Reviews - April 2018

'But most by numbers judge a poet’s song'

A review of Randall Couch's 'Peal'

Photo of bells in Uzbekistan (left) by Adam Jones, via Wikimedia Commons. Photo of Couch (right) courtesy of Randall Couch.

“Amongst other Diversions and Recreations practiced by, and delightful to, the Inhabitants of this Island; none is more diverting, ingenious, harmless and healthful, than the ART OF RINGING, used and practiced with Discretion,” writes Fabian Stedman in his 1677 book Campanalogia, or, The Art of Ringing Improved.

“Amongst other Diversions and Recreations practiced by, and delightful to, the Inhabitants of this Island; none is more diverting, ingenious, harmless and healthful, than the ART OF RINGING, used and practiced with Discretion,” writes Fabian Stedman in his 1677 book Campanalogia, or, The Art of Ringing Improved.[1] Stedman is widely considered to be the father of “change ringing,” a practice that emerged in sixteenth-century England when new methods of hanging sets of church bells on whole wheels enabled ringers to control the speed and order in which the bells we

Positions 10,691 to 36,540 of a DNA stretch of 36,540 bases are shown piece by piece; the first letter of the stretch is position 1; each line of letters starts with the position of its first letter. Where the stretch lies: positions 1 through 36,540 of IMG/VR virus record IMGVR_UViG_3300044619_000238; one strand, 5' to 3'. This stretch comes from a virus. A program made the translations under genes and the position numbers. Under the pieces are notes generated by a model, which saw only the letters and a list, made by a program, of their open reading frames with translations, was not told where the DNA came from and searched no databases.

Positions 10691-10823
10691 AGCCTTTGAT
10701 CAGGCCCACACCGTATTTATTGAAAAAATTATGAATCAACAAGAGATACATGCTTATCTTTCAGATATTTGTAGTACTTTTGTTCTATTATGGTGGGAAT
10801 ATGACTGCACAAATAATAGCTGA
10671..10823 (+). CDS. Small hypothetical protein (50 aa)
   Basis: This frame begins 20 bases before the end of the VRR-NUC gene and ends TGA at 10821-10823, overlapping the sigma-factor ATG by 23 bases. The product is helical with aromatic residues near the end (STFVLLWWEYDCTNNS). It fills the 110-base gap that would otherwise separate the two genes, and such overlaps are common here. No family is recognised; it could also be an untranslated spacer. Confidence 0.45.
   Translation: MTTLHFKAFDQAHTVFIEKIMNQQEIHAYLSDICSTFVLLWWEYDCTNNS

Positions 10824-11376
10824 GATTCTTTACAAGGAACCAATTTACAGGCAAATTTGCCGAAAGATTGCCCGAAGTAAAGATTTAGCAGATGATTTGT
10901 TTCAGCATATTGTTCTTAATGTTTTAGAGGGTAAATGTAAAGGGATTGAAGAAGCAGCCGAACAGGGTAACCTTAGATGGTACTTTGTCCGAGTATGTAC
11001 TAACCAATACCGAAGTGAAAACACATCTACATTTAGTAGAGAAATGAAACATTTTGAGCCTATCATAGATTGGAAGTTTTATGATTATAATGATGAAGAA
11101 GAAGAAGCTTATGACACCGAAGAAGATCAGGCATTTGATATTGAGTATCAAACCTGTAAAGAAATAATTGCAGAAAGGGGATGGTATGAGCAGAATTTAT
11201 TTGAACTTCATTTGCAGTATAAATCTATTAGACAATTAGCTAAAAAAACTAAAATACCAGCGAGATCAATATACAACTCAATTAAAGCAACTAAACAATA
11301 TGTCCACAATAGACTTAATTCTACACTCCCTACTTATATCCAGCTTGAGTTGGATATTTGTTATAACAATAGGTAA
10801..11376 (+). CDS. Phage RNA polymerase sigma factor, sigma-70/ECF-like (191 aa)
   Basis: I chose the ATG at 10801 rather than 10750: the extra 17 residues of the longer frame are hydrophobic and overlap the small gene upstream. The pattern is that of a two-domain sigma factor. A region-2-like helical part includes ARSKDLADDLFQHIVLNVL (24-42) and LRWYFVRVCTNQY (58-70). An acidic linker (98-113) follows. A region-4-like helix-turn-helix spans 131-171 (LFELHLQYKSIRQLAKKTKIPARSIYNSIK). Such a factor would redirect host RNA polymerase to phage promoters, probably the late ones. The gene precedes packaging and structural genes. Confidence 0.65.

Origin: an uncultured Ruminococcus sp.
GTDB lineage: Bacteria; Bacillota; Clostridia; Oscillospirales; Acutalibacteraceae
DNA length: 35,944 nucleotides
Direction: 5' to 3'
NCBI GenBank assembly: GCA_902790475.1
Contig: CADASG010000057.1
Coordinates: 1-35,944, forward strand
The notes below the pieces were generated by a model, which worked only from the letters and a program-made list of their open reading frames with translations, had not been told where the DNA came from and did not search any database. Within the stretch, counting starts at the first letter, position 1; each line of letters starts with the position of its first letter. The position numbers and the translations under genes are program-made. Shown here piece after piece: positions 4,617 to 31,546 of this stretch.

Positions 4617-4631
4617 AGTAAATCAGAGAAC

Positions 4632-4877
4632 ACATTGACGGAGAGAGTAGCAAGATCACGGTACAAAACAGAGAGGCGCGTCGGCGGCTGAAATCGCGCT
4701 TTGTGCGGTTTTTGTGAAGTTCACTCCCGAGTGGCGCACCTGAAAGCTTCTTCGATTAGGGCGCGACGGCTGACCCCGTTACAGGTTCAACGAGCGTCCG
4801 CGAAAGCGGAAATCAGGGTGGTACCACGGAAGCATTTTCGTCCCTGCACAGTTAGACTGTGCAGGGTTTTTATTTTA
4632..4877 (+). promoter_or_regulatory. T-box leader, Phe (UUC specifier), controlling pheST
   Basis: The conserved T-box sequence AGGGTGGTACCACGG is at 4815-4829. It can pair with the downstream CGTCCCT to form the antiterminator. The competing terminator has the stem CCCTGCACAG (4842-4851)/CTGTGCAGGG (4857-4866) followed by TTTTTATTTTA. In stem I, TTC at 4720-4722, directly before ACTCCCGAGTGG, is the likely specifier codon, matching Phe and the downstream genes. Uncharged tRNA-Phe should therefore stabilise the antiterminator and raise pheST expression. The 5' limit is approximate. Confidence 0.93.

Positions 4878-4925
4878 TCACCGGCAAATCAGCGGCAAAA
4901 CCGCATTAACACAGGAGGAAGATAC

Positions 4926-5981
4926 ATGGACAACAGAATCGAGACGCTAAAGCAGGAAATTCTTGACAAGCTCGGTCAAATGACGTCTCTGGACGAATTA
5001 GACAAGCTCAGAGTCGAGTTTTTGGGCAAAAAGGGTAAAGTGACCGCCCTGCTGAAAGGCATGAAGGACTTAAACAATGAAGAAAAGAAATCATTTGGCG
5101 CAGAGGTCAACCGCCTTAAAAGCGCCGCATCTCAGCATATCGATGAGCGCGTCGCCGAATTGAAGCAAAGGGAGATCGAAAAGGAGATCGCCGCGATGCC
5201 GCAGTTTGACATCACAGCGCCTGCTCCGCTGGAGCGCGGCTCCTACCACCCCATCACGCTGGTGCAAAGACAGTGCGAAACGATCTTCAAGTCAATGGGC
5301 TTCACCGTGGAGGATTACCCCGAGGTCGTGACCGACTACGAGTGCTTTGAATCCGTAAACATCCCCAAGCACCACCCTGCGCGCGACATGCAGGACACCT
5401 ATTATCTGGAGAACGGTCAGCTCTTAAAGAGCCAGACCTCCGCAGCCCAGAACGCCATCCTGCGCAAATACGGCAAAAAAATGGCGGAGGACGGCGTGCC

'Walking out the right door'

A review of Richard Blevins's 'The Art of the Serial Poem'

Photo of Richard Blevins (right) by Martha Koehler.

For nearly forty years, the poet Richard Blevins has been a fortuitous and immensely productive figure in contemporary American poetry. Blevins’s project is one securely grounded in the work of his modernist forebears: Ezra Pound, William Carlos Williams, and Charles Olson (whose compass is never far from Blevins’s map of “Amerika”). 

And, words, word, words
all over everything. 
— Charles Olson[1

What exactly are the demands of my art?
— Richard Blevins[2]